David S. Broder's explanation of the House's one-year budget enforcement resolution, and of our nation's fiscal challenge, was at best superficial and at worst misleading ["A dereliction of fiscal duty," op-ed, July 8]. Mr. Broder failed to mention the resolution's fiscal-responsibility measures: strengthening the pay-as-you-go law; reducing discretionary spending $7 billion below President Obama's request; and reaffirming Congress's commitment to vote on the recommendations of the president's bipartisan fiscal commission, with all savings dedicated to deficit reduction.
Mr. Broder also drastically overstated the role of a five-year budget in tackling our debt and ignored the real source of fiscal danger. Our long-term debt is the product of exploding entitlements, growing defense spending, and taxes too low to pay for the policies Americans want -- and a five-year budget would absolutely not guarantee a solution. The only way out of debt is a bipartisan compromise that begins with all of our options on the table. And the partisan debate over a traditional budget would have unhelpfully and preemptively taken options off of the commission's table.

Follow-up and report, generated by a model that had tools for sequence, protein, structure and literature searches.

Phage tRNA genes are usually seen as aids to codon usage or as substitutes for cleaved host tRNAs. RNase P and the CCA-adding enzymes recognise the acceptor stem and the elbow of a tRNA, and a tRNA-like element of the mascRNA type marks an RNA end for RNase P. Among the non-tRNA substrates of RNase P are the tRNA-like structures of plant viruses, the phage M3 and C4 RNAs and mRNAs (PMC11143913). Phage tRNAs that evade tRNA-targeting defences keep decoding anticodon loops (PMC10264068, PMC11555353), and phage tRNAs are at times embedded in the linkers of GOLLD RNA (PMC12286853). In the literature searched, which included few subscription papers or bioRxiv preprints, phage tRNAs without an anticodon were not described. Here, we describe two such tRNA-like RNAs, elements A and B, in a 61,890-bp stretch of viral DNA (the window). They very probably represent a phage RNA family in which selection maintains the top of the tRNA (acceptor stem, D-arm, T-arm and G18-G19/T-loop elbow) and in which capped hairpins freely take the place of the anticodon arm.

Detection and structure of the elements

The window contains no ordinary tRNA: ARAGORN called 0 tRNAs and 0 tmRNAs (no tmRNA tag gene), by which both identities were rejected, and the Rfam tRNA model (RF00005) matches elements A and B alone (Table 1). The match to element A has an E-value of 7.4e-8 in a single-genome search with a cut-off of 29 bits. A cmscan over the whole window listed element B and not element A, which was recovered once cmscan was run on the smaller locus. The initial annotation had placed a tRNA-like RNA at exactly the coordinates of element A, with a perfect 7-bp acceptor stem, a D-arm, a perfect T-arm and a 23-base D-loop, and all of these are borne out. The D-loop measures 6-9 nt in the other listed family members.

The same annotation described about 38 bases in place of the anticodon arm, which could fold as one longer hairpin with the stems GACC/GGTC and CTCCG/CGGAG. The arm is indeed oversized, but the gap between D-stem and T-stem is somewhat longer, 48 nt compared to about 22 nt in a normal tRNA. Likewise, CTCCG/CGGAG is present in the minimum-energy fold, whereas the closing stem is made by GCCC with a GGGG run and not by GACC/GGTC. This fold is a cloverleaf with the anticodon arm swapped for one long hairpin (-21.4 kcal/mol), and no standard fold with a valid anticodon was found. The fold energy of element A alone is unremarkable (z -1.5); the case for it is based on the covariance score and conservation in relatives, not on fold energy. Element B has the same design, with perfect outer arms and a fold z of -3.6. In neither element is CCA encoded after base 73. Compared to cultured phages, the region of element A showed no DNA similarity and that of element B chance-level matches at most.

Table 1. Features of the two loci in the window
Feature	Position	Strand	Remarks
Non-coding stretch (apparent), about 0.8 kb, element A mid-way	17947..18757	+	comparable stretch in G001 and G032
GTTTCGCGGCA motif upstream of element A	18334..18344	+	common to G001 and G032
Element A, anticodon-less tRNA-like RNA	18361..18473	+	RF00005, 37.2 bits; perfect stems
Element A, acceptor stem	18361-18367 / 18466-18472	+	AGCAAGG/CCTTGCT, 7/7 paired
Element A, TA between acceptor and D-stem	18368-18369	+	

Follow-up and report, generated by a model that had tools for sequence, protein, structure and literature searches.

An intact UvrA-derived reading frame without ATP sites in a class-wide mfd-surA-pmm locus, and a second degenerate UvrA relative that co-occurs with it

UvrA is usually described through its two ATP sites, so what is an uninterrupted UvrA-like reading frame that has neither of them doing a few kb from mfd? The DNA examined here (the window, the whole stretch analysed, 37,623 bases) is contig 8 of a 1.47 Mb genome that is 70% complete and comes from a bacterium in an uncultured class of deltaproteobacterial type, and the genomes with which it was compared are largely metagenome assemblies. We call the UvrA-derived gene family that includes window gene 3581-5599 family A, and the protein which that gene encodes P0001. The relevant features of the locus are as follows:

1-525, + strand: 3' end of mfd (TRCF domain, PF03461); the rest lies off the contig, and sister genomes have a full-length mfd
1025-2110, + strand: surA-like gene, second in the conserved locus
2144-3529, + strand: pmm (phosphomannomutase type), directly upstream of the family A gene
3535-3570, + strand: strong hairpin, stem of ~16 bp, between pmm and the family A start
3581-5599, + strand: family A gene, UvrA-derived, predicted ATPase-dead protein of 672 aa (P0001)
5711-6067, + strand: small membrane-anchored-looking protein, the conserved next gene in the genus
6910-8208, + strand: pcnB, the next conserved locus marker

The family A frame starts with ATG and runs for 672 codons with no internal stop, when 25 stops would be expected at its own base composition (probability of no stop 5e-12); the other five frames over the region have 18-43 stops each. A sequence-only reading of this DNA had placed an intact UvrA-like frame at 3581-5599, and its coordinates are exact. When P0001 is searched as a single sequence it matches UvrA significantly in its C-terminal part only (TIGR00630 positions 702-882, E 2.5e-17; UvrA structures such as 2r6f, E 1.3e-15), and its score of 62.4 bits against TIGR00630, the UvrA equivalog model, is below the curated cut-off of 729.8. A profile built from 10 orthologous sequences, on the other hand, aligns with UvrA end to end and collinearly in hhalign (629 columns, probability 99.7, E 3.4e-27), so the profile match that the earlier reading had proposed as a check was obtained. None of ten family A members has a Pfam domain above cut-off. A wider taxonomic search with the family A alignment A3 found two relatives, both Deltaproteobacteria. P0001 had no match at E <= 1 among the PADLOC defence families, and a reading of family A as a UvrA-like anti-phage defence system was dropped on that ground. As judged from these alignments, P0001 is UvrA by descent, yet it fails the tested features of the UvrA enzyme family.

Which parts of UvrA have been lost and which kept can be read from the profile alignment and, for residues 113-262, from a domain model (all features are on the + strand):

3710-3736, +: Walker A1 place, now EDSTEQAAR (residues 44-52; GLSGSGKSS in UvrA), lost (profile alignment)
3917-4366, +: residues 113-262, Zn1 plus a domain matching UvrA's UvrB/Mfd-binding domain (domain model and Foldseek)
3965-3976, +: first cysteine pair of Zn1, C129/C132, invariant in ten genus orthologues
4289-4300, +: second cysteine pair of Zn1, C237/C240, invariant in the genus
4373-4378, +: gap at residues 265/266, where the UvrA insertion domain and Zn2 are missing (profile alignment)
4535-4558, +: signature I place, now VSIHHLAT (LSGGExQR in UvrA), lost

Far from being an excuse to put off hard choices, the commission is an attempt to build support for them. Democrats pushed for the commission's creation and have been speaking out about the need for a real budget compromise. But Republicans are more interested in laying out the aspects of a compromise they will categorically not support.
Steny H. Hoyer, Washington
The writer, a Maryland Democrat, is House majority leader.